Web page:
How Is the Recession Affecting Online Higher Education?

John SenerBy John Sener

It’s been a long time since I’ve watched the 11 o’clock news on television. My recollection is that it consists of an endless series of deaths, accidents, and other disasters, relieved only by the commercials and an occasional human interest story. Ray Schroeder’s blog “New Realities in Higher Education” is the 11 o’clock news for higher education — except without the heartwarming human interest stories or commercials. The stories are pretty much one hair-raising signal of impending doom after another — make sure you’re in a reasonably good mood before tackling this one.

Once the train wreck/auto crash voyeuristic feeling wears off, inevitably when reading New Realities I find myself wondering: Is the recession helping speed the adoption of online higher education, or slowing it down, or some of both? On the one hand, many community colleges are reporting the increases in enrollment demand that economic downturns typically bring, North Carolina being one example. On the other hand, many (often the same) community colleges are also reporting budget cuts which force them to cancel classes and otherwise reduce offerings, North Carolina also being one example.

One school of thought is that the recession will drive adoption of online learning as a cost-saving measure or as a way to provide access to education for cost-conscious students. A counter-argument is that initial implementation of online education requires investment in infrastructure, faculty development, culture change, etc. and that such funds are not available, hence online education adoption is being slowed down.

So far, I haven’t been able to find anything other than speculation about this topic. By contrast, one of Ray Schroeder’s previous blog efforts, Fueling Online Learning, showed pretty clearly that last year’s astronomical gasoline prices had a strong correlation with increased enrollments in online higher education. (The causal connection is less clear, but a case can be made that there was one.)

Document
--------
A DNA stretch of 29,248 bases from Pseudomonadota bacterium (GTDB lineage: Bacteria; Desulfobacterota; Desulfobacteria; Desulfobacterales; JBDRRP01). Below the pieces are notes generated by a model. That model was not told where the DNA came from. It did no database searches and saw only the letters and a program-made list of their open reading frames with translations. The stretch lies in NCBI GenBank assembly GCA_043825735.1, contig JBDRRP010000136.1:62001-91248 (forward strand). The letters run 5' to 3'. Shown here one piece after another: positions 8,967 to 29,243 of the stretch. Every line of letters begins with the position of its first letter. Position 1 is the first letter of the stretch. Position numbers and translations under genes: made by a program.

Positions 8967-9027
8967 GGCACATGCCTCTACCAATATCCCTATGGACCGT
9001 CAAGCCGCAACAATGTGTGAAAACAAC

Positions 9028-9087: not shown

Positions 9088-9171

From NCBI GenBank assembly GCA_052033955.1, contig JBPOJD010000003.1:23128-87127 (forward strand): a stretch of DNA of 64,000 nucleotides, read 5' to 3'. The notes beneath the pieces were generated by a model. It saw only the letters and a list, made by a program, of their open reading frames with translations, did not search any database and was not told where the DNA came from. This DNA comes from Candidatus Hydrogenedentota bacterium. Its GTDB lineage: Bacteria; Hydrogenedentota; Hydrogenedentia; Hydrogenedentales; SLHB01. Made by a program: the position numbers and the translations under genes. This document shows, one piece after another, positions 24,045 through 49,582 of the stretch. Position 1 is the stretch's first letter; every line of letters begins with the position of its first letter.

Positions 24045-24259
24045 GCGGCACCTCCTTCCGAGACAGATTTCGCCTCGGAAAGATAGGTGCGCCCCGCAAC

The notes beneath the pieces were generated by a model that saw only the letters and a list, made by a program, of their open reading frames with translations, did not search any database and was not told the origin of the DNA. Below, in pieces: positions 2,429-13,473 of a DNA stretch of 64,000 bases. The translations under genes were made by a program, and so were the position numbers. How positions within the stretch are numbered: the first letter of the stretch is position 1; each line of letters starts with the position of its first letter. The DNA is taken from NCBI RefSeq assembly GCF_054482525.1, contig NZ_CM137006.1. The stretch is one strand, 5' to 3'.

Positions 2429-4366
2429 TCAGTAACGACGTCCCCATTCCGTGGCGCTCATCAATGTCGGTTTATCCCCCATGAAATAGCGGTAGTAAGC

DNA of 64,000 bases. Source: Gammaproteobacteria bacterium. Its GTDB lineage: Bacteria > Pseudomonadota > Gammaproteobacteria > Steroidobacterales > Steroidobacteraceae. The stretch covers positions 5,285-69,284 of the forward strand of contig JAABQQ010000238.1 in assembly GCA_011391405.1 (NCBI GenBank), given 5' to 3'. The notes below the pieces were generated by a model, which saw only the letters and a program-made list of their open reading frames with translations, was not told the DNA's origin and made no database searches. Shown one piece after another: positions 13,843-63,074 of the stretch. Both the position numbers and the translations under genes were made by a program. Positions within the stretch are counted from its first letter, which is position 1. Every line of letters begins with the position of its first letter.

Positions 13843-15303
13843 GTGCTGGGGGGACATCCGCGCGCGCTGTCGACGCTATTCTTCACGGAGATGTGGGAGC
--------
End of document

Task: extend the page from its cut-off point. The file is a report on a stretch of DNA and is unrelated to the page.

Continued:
Anyone have any concrete evidence on the recession’s effect on online education?

3 Responses

  1. How about the ever increasing student fees?
    At most colleges all the students pay a per credit fee to support the on-campus labs and classroom technology. But, often, students that never use the labs and don’t attend classes are also charged an additional online education fee when they enroll in an online class. This has always seemed unfair to me. This is especially true when the college is not using the collected fees to actually support and extend the online educational services that you noted above:

    “i…initial implementation of online education requires investment in infrastructure, faculty development, culture change, etc.”

    However, IMHO, the big expense is not the “initial implementation” but rather the continuing process of training the faculty and students to use software that delivers the learning. Learning Management Systems, like all commercial and open source software, are constantly being updated to be cooler looking faster products that work on all operating systems and in all browsers. It has been said that the Learning Management System is “commodifcation of learning.” However, the true cost of using this software is not reflected in the purchase price or the software hardware maintenance (IT) but the cost of the disruption of faculty and student learning. The instructors are spending uncompensated time learning the new or updated software resulting in less time to revise coursework and to teach and the students are paying fees to teach themselves how to use the updated management systems. This is not a pretty picture!

    If online education is going to function as a viable alternative for student learning, the college administrators will have to sacrifice efforts to enhance their careers and beautify their campuses and begin doing the unglamorous work of fully supporting their online programs.
    my (less valuable every day) 2 cents,
    Bob Bell
    Retired – community college faculty support & instructional design

    • Hmmm — I wonder if anyone else is seeing signs that student fees for online education are increasing as a result of the recession (vs. being a long-standing issue as Bob has pointed out). Likewise, I wonder if anyone else is seeing signs that online education implementation costs due to LMS “churn” and the resulting training costs have become more of a factor in HEI’s online education implementation decisions during the current recession…

  2. Initial implementation of online learning infrastructure, faculty development, culture change, etc. must be of online education, this is the time savings.

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